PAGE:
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Washingtonian Editor: People Shouldn't Say 'Start a Family' Because It's Offensive

"The dehumanizing aspect is reason enough to avoid it."

Image source: Flickr

Bill O'Sullivan, the senior editor of the Washingtonian magazine, wrote in an editorial Thursday that the "loathsome" phrase "start a family" should be scrubbed from the vocabulary because it's offensive to single people and couples without children.

"What this euphemism means is get pregnant—or try to get pregnant, or have a baby, or adopt," O'Sullivan wrote in the column. "Start a family devalues any couple who doesn’t happen to have kids, for whatever reason."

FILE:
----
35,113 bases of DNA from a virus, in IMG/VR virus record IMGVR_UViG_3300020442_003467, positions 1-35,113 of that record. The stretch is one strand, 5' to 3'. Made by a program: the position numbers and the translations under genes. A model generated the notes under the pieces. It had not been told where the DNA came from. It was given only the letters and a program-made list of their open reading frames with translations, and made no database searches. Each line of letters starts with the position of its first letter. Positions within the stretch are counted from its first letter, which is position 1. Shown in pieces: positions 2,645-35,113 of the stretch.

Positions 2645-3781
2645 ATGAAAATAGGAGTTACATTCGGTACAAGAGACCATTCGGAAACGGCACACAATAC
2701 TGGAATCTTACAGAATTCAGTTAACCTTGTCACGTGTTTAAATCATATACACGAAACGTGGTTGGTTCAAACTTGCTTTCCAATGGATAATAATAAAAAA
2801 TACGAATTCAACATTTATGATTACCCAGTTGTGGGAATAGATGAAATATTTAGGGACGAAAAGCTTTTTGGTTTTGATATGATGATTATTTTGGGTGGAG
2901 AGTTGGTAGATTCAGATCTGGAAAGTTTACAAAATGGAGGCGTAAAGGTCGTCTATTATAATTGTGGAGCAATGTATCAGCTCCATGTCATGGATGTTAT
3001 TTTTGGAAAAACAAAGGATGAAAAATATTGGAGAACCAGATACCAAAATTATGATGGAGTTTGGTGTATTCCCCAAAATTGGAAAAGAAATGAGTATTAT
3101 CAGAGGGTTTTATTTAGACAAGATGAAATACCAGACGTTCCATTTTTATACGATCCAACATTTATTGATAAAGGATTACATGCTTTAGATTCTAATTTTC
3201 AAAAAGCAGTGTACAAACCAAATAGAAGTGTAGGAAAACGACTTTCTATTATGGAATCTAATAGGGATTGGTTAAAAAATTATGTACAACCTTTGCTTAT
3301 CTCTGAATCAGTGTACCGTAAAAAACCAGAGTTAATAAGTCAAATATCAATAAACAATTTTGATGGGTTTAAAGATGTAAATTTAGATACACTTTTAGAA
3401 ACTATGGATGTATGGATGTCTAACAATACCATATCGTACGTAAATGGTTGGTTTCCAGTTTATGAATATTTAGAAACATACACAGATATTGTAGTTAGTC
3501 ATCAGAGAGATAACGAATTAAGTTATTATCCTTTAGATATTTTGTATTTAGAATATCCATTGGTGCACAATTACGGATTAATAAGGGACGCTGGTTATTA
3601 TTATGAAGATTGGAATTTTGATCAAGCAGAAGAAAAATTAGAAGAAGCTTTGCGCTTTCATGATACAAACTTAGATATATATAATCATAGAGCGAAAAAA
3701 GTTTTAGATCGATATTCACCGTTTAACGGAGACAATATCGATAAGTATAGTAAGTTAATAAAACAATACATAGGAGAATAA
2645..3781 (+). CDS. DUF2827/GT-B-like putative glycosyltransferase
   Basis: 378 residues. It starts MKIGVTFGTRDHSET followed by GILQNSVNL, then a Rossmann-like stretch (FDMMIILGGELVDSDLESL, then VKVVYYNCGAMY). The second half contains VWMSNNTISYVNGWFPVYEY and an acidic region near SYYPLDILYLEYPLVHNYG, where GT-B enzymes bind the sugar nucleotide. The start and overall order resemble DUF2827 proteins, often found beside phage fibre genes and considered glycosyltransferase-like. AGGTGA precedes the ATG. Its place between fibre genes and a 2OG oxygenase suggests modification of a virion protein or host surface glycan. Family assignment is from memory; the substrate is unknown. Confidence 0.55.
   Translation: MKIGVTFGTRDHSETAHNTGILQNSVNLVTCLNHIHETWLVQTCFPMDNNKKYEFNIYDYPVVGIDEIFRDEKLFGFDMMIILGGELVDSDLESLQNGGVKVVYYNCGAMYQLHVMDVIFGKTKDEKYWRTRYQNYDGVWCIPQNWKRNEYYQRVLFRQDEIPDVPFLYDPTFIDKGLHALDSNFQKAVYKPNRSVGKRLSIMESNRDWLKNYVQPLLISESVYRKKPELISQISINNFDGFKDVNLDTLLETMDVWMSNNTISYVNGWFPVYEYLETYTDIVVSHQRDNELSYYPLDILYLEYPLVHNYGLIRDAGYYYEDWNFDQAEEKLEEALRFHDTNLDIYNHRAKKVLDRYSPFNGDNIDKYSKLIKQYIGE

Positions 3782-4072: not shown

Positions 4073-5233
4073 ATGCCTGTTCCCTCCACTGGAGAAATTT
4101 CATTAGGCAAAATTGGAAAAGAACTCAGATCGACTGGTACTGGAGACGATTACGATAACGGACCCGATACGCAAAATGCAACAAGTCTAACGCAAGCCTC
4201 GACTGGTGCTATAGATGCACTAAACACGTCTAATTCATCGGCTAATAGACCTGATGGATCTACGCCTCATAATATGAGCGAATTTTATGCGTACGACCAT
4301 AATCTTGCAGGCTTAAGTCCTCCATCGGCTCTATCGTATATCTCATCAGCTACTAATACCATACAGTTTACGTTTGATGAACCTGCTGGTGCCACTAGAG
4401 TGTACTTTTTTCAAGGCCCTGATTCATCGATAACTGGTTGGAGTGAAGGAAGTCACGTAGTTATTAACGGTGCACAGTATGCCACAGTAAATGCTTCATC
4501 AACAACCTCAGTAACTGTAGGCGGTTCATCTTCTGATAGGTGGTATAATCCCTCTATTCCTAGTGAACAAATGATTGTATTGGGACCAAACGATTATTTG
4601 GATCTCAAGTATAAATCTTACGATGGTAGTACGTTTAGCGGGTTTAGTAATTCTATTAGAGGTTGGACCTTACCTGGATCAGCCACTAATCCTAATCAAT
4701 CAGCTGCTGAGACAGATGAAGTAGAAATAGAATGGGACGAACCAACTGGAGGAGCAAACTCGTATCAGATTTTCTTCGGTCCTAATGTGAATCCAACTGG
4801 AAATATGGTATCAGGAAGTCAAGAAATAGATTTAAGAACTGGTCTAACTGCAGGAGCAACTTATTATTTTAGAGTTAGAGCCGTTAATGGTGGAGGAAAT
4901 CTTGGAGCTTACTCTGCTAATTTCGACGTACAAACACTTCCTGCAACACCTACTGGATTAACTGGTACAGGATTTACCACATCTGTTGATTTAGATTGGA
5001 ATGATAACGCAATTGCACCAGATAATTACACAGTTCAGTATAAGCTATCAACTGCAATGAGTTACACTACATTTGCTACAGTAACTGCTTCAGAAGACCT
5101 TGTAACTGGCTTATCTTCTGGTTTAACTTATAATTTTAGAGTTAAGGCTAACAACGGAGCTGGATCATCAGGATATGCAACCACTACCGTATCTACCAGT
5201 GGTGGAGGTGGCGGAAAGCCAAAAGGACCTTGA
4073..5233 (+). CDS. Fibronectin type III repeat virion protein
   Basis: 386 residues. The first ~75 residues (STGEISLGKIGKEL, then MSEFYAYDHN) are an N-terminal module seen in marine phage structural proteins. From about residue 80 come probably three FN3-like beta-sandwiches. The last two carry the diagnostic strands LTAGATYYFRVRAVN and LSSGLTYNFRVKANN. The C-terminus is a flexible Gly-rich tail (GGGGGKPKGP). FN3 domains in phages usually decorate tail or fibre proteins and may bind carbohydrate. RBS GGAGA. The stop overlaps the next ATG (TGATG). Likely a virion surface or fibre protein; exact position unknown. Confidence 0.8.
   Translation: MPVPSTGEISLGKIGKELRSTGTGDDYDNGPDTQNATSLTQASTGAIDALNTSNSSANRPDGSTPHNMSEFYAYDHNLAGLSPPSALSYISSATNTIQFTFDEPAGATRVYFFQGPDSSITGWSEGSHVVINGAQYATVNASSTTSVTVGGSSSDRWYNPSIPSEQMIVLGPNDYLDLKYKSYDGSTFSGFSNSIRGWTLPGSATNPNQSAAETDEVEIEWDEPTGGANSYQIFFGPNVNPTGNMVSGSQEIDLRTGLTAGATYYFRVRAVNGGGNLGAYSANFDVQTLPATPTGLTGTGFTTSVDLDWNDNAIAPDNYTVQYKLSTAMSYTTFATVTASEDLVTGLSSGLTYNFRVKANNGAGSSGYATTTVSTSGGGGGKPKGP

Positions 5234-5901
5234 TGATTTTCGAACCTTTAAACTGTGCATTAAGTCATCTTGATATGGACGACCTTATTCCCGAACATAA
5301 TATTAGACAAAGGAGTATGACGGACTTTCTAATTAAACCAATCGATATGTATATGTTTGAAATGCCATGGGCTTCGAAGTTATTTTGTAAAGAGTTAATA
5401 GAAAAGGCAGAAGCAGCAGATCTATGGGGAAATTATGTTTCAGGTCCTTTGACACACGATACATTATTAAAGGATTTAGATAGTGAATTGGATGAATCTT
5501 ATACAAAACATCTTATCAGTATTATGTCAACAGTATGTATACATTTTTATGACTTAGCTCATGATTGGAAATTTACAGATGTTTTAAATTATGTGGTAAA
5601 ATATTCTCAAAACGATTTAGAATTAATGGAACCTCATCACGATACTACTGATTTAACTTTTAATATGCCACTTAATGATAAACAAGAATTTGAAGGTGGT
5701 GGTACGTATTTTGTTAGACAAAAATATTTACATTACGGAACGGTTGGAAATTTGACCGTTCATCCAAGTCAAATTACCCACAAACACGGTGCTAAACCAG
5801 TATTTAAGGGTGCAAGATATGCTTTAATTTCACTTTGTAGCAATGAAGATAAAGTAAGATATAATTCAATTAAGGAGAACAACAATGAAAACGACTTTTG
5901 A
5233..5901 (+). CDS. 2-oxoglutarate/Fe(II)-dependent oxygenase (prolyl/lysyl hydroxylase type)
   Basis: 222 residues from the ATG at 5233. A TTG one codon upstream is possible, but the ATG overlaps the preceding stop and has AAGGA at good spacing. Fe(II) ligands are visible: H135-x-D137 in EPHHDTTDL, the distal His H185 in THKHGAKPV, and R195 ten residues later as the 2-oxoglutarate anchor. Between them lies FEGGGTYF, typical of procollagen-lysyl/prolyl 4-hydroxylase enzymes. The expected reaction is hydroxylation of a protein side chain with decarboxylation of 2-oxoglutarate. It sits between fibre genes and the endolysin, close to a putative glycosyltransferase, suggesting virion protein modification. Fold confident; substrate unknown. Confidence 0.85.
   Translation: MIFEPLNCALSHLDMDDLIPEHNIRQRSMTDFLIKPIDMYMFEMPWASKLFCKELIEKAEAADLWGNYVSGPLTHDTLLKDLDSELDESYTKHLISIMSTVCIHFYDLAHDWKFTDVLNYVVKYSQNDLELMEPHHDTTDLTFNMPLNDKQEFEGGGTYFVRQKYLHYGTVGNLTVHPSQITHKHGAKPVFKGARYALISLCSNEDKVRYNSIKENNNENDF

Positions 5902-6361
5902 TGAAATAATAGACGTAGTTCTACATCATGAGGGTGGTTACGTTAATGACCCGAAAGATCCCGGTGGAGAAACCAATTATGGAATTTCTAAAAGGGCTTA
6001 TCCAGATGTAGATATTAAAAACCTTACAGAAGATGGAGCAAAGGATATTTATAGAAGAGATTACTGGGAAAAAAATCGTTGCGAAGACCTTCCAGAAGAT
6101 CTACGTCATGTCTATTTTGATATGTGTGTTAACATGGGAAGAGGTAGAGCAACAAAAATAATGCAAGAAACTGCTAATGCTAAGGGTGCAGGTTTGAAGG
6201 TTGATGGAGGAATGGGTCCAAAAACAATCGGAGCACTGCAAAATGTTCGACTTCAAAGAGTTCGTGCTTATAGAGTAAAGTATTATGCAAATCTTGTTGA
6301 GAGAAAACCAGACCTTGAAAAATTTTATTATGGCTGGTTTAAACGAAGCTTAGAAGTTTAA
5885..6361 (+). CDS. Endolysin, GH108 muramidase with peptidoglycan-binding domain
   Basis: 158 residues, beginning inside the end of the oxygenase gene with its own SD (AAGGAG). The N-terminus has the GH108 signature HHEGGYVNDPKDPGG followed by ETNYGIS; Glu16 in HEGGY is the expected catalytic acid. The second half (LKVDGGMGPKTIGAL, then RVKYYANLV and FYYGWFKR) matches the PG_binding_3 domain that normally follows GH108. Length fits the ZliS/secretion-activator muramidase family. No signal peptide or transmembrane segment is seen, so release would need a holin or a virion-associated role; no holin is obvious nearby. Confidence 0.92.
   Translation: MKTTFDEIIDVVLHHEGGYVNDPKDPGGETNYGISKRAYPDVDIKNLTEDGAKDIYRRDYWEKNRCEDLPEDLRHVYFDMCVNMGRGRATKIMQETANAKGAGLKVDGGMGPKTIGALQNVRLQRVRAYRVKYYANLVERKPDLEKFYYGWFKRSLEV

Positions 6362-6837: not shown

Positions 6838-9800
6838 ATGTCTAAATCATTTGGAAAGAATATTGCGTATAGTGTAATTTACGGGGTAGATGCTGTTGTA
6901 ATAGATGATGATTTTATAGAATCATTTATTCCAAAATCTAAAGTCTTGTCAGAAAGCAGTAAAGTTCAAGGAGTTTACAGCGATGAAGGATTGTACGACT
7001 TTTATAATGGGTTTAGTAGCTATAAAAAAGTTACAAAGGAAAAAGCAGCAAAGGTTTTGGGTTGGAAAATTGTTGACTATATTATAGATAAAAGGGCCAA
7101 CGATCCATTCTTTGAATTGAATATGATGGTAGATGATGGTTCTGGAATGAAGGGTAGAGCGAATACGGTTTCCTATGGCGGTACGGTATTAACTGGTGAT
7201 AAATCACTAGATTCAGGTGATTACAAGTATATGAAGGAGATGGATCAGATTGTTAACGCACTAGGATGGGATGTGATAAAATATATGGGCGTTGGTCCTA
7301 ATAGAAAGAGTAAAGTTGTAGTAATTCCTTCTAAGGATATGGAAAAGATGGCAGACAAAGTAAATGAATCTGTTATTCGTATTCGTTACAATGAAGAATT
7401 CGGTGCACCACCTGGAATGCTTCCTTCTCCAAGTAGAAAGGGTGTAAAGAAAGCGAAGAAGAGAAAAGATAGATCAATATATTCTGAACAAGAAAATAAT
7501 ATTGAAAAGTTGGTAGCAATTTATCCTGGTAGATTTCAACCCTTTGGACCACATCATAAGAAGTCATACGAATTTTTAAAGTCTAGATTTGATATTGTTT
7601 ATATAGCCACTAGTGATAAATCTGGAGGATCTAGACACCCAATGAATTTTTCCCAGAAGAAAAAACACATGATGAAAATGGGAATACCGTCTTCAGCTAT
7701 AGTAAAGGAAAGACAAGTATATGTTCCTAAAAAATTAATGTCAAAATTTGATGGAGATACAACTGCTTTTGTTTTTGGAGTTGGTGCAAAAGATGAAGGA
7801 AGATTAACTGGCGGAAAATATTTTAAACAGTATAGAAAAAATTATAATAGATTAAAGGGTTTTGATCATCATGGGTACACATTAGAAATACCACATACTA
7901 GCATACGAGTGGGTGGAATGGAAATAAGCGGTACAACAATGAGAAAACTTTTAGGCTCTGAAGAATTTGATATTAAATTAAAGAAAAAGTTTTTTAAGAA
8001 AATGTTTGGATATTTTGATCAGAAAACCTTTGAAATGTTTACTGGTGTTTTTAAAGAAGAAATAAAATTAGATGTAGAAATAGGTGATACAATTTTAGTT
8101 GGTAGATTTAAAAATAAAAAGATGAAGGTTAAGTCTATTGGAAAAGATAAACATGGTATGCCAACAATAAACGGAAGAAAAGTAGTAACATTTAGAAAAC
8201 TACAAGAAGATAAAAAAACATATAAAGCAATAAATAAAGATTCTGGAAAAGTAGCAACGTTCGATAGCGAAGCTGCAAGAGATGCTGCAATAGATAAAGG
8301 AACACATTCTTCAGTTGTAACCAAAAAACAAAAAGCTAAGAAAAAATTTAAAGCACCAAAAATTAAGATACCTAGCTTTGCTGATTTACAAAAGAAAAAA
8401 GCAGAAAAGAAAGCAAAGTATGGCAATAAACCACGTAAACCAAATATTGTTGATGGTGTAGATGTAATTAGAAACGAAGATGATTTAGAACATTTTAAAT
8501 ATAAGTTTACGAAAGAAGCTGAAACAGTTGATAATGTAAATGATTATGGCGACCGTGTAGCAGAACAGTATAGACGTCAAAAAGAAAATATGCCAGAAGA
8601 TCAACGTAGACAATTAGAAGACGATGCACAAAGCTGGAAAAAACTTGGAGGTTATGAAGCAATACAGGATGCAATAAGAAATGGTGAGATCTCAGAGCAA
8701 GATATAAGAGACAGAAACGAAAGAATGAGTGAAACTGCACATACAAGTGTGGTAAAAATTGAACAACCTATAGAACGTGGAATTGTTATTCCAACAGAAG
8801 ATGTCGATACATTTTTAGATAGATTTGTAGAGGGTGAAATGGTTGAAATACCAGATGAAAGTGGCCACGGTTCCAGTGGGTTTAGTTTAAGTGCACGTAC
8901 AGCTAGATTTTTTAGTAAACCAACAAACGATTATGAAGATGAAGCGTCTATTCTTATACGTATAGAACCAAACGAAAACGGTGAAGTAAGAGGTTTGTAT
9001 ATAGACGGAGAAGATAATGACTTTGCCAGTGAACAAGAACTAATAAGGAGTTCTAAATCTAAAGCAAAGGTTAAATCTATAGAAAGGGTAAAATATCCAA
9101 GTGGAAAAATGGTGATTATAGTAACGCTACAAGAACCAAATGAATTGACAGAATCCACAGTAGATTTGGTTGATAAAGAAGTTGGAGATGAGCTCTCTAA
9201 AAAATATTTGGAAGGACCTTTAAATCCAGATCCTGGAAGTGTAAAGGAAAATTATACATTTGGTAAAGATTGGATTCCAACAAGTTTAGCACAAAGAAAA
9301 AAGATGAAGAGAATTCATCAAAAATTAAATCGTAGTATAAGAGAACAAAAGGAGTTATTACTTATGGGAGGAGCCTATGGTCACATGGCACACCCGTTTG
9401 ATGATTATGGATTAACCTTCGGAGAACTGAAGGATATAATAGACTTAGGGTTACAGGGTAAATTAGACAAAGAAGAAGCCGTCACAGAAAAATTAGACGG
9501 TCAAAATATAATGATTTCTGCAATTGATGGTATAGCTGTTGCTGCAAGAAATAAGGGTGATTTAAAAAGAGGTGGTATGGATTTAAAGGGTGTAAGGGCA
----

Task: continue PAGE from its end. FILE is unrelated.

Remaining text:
Image source: Flickr

The phrase also hurts single people, O'Sullivan wrote.

In addition, he claimed the phrase originated from "heterosexist" ideology, but noted that it has since been adopted by the "everyday lexicon of LGBT people." However, O'Sullivan still asserts he hears it more often from straight people.

"For the sake of all the ways to be in the world, it’s time to put an end to start a family," he insisted.

In the final lines of the column, O'Sullivan also wrote about his issue with the word "female," which he instructed people to avoid saying. He takes issue with the word because, as a reader told him, it "sounds like biology class" and "has overtones of criminality."

"I admit I hadn’t thought about the criminal connotation. The dehumanizing aspect is reason enough to avoid it," the Washingtonian editor wrote.

O'Sullivan added in a final push against the "start a family" phrase that people should "let your language reflect, and be sensitive to, the world we live in."

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